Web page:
In my very limited work experience in Major League Baseball, there has been one common thread on the field...Greg Norton (Rays '07; Braves '08). I remember Norton from when I first started watching the MLB in the late 1990's as being a young White Sox player who had some potential as a corner infielder who was taken high in the draft. Maybe even the basic splits of .280/25/80. Unfortunately that never really worked out for Norton and in 2004 when he was with the Tigers and hit beneath the "Mendoza line" on one of the leagues worst teams and played 2005 in AAA Charlotte (White Sox), I thought he was finished. Yet, in 2006, Norton received second life and put together a pretty decent season with the Tampa Bay Rays. I attribute that turnaround to a far improved pitch selection. He set career highs in every single offensive major offensive category that season, with the greatest surprise being an improved ability to get on base. It is not often when thirty something players re-invent themselves at the plate to bump their OBP nearly 40 points over their career average and that is very impressive for Norton. Even with his improved offensive tools, he really has struggled on defense at just about every position except first-base (.919 career Fielding % at Third-Base) and Joe Maddon decided to start playing him in the outfield to spell Delmon Young or Carl Crawford last season...ugly. Let's think about the deficiencies of corner outfielders, they are slower and do not have as good of an arm as centerfielders. This enthusiastically describes Norton, however his range and arm are so bad in the outfield these days that today I saw him miss catches on two balls that I estimate would have been made by an average corner outfielder and have seen with great repetition, throws on one hop to the cutoff man. Oh and he fell down catching a line drive, but hey...he laughed it off (so did I while Braves fans cheered - Ignorance is bliss I suppose).
All of that bashing aside, I may just be able to see what has made John Schuerholz (err...Frank Wren now) and Bobby Cox so successful over the years. Last season with the Tampa Bay Rays, Norton hung around all season and "boasted" numbers of .243/4/23 (but with a .358 OBP). Those are figures that would set Norton up to be a pretty respectable National League bench guy -- ALA, the perfect guy to bring in to pinch hit for the pitcher in the 6th or 7th. He knows how to work a walk and his numbers show that again this year. Despite a .182 average with the Braves at the end of the June 3rd game, Norton has a .345 on-base percentage. That is ideal for a bat off the bench in the National League, especially since his batting average should come back up again.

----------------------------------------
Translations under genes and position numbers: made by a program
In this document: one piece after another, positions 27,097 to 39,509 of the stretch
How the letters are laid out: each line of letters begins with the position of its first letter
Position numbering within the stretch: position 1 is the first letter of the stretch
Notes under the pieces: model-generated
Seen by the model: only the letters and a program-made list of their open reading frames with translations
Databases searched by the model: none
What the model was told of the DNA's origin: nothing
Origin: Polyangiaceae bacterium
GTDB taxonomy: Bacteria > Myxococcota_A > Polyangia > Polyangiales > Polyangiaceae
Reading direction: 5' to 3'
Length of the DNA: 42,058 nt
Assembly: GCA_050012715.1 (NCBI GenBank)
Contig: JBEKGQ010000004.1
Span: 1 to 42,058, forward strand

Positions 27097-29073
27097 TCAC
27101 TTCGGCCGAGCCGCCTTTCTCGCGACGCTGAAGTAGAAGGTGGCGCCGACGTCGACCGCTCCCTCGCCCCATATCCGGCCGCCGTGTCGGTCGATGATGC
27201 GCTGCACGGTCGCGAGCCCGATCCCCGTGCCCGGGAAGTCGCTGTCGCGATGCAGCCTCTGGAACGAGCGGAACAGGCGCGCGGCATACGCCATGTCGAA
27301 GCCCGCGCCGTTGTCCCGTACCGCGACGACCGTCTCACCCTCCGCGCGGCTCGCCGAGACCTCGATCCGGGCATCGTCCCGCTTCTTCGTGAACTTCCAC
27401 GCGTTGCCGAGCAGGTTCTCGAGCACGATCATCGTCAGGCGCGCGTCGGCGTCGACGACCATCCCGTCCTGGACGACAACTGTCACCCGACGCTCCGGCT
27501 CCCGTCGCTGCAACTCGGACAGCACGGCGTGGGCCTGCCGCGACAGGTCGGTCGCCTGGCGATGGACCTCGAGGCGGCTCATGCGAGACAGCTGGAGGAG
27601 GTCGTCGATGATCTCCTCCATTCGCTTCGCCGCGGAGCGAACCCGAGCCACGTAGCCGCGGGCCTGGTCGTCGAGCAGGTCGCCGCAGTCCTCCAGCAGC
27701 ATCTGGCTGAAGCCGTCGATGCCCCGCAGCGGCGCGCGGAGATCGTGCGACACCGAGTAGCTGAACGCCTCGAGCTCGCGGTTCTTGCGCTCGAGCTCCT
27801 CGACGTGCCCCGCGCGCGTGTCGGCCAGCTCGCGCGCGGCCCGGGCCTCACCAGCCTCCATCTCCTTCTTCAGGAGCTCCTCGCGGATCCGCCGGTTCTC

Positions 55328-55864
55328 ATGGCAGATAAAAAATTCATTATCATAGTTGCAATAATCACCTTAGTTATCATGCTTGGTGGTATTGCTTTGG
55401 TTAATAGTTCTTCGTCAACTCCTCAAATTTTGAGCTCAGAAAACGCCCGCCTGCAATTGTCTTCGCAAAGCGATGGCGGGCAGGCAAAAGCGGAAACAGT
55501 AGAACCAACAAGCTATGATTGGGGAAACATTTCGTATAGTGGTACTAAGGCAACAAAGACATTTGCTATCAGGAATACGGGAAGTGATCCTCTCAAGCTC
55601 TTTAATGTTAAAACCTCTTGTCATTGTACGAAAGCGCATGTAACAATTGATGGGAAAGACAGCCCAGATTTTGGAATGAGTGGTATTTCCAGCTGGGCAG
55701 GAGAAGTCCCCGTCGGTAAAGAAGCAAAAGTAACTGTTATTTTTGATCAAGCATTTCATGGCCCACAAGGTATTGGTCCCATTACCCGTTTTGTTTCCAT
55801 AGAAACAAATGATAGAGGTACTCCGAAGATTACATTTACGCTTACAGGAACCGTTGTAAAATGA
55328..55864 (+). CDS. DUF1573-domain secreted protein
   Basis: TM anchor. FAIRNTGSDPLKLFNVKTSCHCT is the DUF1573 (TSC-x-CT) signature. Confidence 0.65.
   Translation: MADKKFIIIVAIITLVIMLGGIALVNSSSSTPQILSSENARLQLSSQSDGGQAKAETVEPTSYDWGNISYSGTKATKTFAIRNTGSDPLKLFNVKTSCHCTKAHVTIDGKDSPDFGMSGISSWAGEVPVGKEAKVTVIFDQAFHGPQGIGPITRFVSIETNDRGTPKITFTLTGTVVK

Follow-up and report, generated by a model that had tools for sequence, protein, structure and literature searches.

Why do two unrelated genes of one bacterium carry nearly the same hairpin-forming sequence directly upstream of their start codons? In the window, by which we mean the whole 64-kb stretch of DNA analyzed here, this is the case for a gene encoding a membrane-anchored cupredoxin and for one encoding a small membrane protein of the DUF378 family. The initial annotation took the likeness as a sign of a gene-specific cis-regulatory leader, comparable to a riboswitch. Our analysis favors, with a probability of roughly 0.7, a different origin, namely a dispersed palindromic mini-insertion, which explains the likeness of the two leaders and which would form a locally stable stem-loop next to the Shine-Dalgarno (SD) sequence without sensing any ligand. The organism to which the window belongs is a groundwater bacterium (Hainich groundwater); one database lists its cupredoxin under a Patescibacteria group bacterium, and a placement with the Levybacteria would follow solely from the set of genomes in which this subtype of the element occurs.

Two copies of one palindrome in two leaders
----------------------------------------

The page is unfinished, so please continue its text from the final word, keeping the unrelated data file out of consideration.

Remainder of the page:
Perhaps it was because I was sitting down the third-base line and watching Norton closely on defense the past two games that I became appalled beyond belief that the Braves were running this guy out there, but it's not his defense that he is on the team for. I will have to continue to remind myself that Norton is in the outfield right now because Matt Diaz and Mark Kotsay went down with injuries in the same week leaving the team with Josh Anderson and Norton as options in left-field. It will not be pretty for the Braves, but for Norton bashers such as my former self, remind yourselves that he is in town for pinch-hitting duties only.
Also, his flare for the dramatic has given the Braves three wins where Norton has driven home the go-ahead run. Well, if that doesn't scream excellent pinch-hitting potential...nothing does.
Thanks for sweating the small stuff with me.